Some years ago I travelled to Poland, where I met with artists who had been making art under Soviet rule in the 1970s and martial law in the early 1980s – officially as “amateurs” to avoid political scrutiny. The unexpected thing I took from those meetings was the discrepancy between the evidence – of urgent, economical and intelligent works – and complaints from the artists about the harsh conditions, the risks involved in making anything but “official paintings” during those decades. At the end of my trip I was left with a pile of recent exhibition catalogues by artists who had made their most interesting work under the watchful, suspicious eye of authority – when officially stripped of artistic freedom.
The relationship between art, freedom and action is ambiguous and unique to its political and social context. At the same time as a Polish artist might have taken the risk of secretly recording the view from his apartment window, a generation of Western artists were flagrantly dismantling the foundations of the establishment. Art embraced action long before the emergence of Fluxus in the 1950s, but it is those outbursts, and the following decades of worldwide restlessness, that provide the clearest banner for visual artists when considering a shift away from static, carefully crafted, museum-bound objects.
Like civilian society, art took to the street in an attempt to wrest artistic agency away from what were seen to be its hegemonic, over-determining rulers, namely museums and the traditions and ideologies they prescribed. Art as a Verb – showing at Artspace in Sydney until August 26 – demonstrates the cross-generational and cross-cultural legacy of this pull. Around its maze of cavity-exposed walls can be found an abundance of denuding gestures, thought experiments, manifestos, instructions to self, tests of endurance – actions ranging from the concise and urgent to the drunk and stupid.
Frustration is the quality one feels in many of these works: action in art comes mostly in the form of “reaction” to the various historical codes of conduct that define both it and society at large. This tug of war is typified in a huddle of VHS-era video works. In Art Must Be Beautiful, Artist Must Be Beautiful (1975) Marina Abramović looks slightly crazed as she combs and yanks at her hair to aurally disconcerting effect, while John Baldessari in I Am Making Art (1971) chants the sentence “I am making art” like a man emotionally straitjacketed by that for which he has signed up. Andrea Fraser’s Official Welcome (2001/03) gives a more recent example; her long video is worth enduring for the Beckettian artistry and theatrics through which she frustrates some of art’s more smug and platitudinous conventions.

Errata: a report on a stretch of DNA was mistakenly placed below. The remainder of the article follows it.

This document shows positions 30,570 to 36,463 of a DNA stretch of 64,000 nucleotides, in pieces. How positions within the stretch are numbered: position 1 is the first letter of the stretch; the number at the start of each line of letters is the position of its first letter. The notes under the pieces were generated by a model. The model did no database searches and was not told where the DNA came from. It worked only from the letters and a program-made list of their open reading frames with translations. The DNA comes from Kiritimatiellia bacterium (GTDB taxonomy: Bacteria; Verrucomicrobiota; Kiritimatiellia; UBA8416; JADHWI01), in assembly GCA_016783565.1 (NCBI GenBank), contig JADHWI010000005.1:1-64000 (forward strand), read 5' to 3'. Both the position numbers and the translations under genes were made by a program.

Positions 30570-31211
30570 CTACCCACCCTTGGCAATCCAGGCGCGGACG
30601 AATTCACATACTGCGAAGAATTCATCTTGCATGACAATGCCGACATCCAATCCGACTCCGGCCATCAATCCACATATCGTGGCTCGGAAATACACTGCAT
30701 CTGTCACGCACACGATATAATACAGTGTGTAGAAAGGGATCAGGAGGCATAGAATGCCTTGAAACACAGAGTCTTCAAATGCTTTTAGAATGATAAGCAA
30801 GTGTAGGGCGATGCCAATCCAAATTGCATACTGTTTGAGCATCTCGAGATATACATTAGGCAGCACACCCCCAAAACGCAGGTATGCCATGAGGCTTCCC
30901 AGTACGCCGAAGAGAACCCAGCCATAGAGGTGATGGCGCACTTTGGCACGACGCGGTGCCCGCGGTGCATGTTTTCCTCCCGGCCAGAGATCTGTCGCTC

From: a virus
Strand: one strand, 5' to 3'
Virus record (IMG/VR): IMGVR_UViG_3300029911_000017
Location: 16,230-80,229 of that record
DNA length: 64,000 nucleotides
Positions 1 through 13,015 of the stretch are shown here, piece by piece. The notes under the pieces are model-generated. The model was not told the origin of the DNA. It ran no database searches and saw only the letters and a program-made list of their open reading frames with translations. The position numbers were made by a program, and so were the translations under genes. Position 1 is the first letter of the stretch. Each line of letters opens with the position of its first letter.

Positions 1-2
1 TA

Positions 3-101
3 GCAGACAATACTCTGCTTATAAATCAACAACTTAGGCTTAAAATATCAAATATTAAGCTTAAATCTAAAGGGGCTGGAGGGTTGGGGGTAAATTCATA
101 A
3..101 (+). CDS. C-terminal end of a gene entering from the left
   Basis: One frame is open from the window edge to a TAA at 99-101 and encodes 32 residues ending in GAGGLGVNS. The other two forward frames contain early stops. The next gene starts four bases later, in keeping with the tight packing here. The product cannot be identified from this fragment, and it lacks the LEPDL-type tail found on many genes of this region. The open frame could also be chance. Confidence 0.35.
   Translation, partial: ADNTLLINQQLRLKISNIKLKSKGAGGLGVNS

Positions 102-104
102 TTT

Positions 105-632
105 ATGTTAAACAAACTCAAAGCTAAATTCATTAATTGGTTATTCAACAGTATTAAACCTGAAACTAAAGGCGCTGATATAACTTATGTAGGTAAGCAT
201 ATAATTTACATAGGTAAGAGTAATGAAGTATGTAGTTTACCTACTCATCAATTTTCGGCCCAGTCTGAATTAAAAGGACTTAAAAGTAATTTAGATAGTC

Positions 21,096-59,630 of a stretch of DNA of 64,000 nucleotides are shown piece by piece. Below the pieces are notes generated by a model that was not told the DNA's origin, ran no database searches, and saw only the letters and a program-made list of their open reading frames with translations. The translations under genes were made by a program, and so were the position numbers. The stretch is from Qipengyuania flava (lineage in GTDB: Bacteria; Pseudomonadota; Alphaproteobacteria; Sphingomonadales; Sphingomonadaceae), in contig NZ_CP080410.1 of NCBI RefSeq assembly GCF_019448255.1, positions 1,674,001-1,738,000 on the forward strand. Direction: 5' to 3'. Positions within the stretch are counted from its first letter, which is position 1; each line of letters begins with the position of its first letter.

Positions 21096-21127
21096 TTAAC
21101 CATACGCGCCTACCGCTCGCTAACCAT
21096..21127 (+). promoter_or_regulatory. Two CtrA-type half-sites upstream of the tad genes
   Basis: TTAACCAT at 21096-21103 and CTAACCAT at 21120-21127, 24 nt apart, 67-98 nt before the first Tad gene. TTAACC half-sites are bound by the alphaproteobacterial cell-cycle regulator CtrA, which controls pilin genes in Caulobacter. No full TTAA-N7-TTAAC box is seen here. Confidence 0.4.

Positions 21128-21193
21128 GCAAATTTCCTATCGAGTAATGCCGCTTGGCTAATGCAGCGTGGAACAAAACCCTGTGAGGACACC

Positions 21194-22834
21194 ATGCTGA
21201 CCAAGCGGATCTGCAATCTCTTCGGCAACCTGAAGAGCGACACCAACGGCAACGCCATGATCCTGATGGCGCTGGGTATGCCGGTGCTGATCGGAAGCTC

While Art as a Verb reveals a state of boiling over – facilitated and distinguished by the technological tools at hand – it also demonstrates the persistence of what Allan Kaprow, the artist who coined the term “Happening” and whose manifesto we are greeted with when entering this exhibition, referred to as the “mausolea” of museums. If this is an exhibition about action, flux and change, then by virtue of these same qualities it also becomes one about the relationship between those anarchical propositions and the ephemera that subsequently represent and communicate them.
Amid the vitrines of documents in this show are explicit statements of protestation against art’s museological confinement. Claes Oldenburg’s artist statement from 1961 begins with “I am for an art that does something other than sit on its ass in a museum” while the posters referring to Tehching Hsieh’s One Year Performances reveal that in 1981 this artist stayed outside for an entire year. Through the faces of those vitrines, within the walls of our museums, we consider and pay homage to these important improprieties.
In this sense, history reveals action in art to be something of a dog: it leaps through the gates of the museum in search of life at large before returning home to “sit on its ass” – warmed, fed and given meaning – in those institutional surrounds. Most importantly, it brings that renewed vigour for life back into the grounds – demanding more from those complacent-assed empires. Perhaps this is what the legacy of Fluxus shows, that containment and limitation are the necessary ingredients for energy and action. Any perceived threat to freedom provides friction, frisson and the incentive for people to come together and generate new ideas.